> > and, if you have it, your time2live.
> >
> > The cache will then generate the key for you based on all the
> > information you provided.
> >
> > Isn't is smart? :)
> 
> Well, we thought is is a little bit overdesigned so here is our smart
> solution :-)) we (Daniel and I) developed (I've announced this prior to my
> vacations)
> 
> Imagine a CachableXMLProducer implements the following interface
> 
>   public interface CachableXMLProducer {
>     Object getKey()
>     CacheValidity getValidity();
>   }
> 
> The getKey method returns an object, that uniquely identifies the universe
> the XMLProducer is in. For a FileGenerator its probabbly the file it is
> parsing. A TraxTransformer returns the name of its stylesheet. Other Producer
> return appropriate Objects.
> 
> Take into accound that the CacheManager will use this Object together with
> the type of Producer to get a unique Key into its CacheStore.
> 
> The getValidity returns a CacheValidity objects that has a single isValid()
> method (more of this later on).
> 
> The process of determining if a ChacheEntry is still valid goes like this.
> 
> The CacheManager asks the CachableXMLProducer to return its key (getKey()).
> This key together with the type of XMLProducer the key came from is used as
> index into a ValidityStore which holds CacheValidity objects gotten so far.
> If there is no CacheValidity object corresponding no CacheEntry has been
> taken so far. If there was a stored CacheValidity object it is passed to the
> CacheValidity object obtained by a call of the getValidity method of the
> CachableXMLProducer:
> 
>    Object key = cachableXMLProducer.getKey();
>    if ((validity = validityStore.get(key, cachableXMLProducer)) != null) {
>        newValidity = CachableXMLProducer.getValidity();
>        if (newValidity.isValid(validity)) {
>            // previous CacheEntry is still valid
>        } else {
>            // previous CacheEntry is invalid
>        }
> 
> Now lets talk about the CacheValidity object.
> 
>   public interface CacheValidity {
>     boolean isValid (CacheValidity validity);
>   }
> 
> Important is, that the isValid() method of a CacheValidity object can only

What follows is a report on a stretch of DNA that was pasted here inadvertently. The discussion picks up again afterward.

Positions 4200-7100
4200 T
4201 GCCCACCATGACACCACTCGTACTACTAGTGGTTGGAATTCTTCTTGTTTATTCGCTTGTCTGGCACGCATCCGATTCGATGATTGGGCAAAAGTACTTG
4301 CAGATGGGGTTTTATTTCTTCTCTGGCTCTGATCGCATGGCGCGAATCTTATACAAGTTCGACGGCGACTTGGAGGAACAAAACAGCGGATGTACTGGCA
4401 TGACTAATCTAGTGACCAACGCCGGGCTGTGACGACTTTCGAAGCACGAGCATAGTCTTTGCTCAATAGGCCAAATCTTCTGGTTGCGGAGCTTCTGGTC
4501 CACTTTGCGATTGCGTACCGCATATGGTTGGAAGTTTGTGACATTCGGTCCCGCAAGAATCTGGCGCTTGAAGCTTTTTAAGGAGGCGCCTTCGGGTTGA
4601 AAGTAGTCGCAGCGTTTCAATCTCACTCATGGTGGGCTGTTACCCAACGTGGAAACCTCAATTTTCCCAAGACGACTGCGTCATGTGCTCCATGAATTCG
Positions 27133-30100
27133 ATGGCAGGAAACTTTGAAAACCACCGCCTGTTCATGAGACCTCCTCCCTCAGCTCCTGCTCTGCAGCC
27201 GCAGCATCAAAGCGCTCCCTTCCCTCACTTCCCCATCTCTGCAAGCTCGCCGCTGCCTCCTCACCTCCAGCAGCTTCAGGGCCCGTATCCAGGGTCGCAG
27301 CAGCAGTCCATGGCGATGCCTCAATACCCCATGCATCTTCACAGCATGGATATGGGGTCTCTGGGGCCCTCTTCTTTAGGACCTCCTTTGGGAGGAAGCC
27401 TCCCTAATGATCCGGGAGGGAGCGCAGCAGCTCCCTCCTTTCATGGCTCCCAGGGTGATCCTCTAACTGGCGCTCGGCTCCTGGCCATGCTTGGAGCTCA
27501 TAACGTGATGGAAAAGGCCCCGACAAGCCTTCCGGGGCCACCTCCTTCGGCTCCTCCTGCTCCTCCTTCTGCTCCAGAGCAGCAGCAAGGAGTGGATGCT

> compare to exactly the same type of CacheValidity object. The algorithm used
> by the cache manager above should ensure that only the same type of
> CacheValidity objects are used. This means also that a specific type of a
> CachableXMLProducer can only generate the exact same type of cachevalidity
> object all the times. The design with the CachePolicy of Ricardo and Stefano
> allows this but we think it is not a good idea.
> 
> Almost 80% of them will be TimeStampValidity objects as in the case of the
> FileGenerator or TraxTransformer. So a concrete TimeStampValidity class will
> take care of these type of validities.
> 
> You can think of all kinds of validities you need.
> 
> Additionally you can have a ValidityContainer class which can hold several
> Validity objects and return an ANDed value of all the Validity objects as
> well as an OrValidityContainer which ORes those validation results.
> 
> We thought this design is very simple to implement and fast as well. It also
> allows every boolean constellation to be implemented to check the validity.

Your solution doesn't address one problem, tought: key generation is
left to the component implementor and might result in slow and memory
consuming implementations.

This is why, in our solution, we re-invert the control: you tell us what
you depend on and we create the key for you.

But I resonate with the design paradigm of your CacheValidity object....
hmmm, maybe the two things can be merged together?

-- 
Stefano Mazzocchi      One must still have chaos in oneself to be
                          able to give birth to a dancing star.
<stefano@apache.org>                             Friedrich Nietzsche